That would also mean that if you need to see a doctor, you will have to travel back to that area. Virtual appointments are good for minor problems. But if you physically need to be inspected, then you might find there is no other option but to travel all the way back.
If you need to take tablets daily, you might find that your doctor is only willing to prescribe three months’ worth at a time. This could leave you in spots without the necessary medicine — if you aren’t careful. You might be able to access medication abroad if you explain to a pharmacist that you’re full-time touring. And if you head inside with a passport and with one of the tablet boxes to show to them.
In most countries, getting antibiotics over the counter isn’t a problem. Even if you haven’t seen a GP. But check beforehand just in case.
I won’t lie. You will struggle to keep warm in a motorhome if it’s cold outside. Your best defence is to buy a well-insulated vehicle with double-glazing. Skip down to section 6 below if you want to hear my thoughts on the best motorhome for full-time living.
Most modern motorhomes are manufactured with their water tanks situated underneath the vehicle where it always tends to stay a little bit warm — which can prevent them from freezing over. But some older models might have them in areas where they can freeze. So check this. If your motorhome looks like it has a tank that could freeze, you’ll have to take steps to prevent this disaster-in-the-making from happening.
Storage will always be a problem if you’re on the road full-time. Lack of space is an obvious factor, but so will be your vehicle’s GVW (Gross Vehicle Weight) constraints.
It’s also worth thinking about what’s important to you in your daily life and what this could mean for storage. For example, if you are an amateur astronomer or a musician — you’ll need to think about where your telescope, musical instrument, and all their accessories could go or if they’ll get in the way.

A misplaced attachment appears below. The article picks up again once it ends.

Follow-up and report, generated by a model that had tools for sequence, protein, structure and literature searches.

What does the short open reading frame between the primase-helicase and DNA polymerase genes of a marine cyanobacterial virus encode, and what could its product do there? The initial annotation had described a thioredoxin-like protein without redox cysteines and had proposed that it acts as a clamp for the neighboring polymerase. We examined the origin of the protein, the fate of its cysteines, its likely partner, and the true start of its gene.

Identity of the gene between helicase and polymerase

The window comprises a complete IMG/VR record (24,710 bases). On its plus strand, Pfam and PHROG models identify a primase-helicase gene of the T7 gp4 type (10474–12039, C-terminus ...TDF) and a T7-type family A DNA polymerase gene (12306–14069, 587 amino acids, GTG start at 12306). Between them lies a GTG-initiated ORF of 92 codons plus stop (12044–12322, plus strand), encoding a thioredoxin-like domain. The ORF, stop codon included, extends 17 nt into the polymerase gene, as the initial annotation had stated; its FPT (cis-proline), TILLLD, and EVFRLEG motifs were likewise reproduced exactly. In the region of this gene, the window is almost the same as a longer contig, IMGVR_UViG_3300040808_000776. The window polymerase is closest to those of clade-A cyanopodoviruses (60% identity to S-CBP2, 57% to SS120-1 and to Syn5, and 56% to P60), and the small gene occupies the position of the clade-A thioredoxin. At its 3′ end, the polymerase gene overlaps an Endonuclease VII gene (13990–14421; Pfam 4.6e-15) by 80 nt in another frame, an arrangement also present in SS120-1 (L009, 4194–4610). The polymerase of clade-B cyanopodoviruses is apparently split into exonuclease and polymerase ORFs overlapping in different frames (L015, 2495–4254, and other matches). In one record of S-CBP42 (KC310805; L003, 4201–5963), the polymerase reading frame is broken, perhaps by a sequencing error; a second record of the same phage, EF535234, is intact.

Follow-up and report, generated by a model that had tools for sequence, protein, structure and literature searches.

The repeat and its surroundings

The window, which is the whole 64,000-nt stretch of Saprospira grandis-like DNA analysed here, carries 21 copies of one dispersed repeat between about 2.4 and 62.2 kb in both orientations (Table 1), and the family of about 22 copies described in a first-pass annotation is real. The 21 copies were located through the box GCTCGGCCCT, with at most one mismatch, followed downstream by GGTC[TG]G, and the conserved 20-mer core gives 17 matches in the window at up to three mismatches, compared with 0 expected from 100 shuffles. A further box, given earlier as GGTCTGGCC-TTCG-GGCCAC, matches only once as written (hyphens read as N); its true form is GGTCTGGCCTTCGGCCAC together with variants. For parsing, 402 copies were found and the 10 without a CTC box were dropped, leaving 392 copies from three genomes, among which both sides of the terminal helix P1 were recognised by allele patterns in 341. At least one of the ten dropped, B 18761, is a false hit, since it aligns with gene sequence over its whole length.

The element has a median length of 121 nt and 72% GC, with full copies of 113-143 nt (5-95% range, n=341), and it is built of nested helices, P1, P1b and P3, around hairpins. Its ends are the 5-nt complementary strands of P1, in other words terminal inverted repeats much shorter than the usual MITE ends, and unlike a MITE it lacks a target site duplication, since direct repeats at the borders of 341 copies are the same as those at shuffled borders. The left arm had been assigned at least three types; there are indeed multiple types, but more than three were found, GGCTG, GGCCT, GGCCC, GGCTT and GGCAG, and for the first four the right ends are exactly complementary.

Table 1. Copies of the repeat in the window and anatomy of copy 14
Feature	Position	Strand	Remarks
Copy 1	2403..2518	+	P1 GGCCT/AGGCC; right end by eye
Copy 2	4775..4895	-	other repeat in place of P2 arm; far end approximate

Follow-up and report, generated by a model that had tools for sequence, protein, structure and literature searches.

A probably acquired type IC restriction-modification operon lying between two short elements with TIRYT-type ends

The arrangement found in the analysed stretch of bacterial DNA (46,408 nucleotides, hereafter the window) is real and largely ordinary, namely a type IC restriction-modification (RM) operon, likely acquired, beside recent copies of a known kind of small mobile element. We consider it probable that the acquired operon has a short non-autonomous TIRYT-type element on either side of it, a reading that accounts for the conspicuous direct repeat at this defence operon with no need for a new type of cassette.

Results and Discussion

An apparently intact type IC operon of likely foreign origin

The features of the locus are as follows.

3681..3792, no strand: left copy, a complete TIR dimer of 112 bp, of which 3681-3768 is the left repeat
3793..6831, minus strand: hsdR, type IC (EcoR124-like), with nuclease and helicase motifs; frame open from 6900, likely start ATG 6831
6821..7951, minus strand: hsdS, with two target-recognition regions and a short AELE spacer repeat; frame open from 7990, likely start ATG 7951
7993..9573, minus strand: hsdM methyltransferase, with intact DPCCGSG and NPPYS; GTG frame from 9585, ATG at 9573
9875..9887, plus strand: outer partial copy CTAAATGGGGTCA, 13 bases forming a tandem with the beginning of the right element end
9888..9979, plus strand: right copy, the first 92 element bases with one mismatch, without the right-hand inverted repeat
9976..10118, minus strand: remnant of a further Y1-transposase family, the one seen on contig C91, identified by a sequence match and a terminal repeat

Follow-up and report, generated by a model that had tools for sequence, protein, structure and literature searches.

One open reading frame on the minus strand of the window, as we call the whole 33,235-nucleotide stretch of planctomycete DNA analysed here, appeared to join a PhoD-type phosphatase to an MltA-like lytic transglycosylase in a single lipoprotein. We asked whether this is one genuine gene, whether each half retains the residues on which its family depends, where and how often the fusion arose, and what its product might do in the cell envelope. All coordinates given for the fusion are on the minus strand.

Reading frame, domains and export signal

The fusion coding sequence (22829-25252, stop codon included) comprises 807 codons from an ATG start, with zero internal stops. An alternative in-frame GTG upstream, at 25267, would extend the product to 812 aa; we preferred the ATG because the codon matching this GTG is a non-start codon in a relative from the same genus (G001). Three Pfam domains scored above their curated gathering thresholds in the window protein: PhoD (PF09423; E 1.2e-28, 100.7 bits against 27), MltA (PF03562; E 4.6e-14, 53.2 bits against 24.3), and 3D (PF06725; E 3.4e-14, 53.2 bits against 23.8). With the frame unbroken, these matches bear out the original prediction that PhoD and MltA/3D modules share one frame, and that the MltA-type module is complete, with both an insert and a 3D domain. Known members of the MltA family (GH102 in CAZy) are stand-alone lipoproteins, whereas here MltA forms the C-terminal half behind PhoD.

And then, if you’re into your outdoor sports, you might want to bring along inflatables, bicycles, and maybe a kayak. All of which obviously will take up space even if they’re fitted to the outside and add to your motorhome’s overall weight.
In my opinion, a bicycle is near enough essential for nipping out while on the road to get bits or for easier sightseeing. As for everything else, well… It will be a teething process at first. But after a month or two on the road, you’ll know what you use and what you don’t use. And what to get rid of. Motorhome living makes minimalists of us all.
As for your everyday little things, you can buy hard plastic boxes that will fit under the bed and perhaps some soft felt ones for the overhead bins. All are cheap and are readily available at places like B&M, Ikea, and so on.
Parking is much less of a pain than it used to be thanks to mobile apps like park4night and also, thanks to communities on Facebook and Instagram.
Parking is even harder during the off-season (winter months) because a lot of overnight parking areas will be closed. In this case, you could try residential parks or ‘Park Homes’ as they’re called for a place to stay. Just make sure that, if you’re travelling to an area in the wintertime, you do your research.
If you are travelling around Europe then you may want to try out the Eurocampings blog which often has fairly good information on what to expect in most European countries.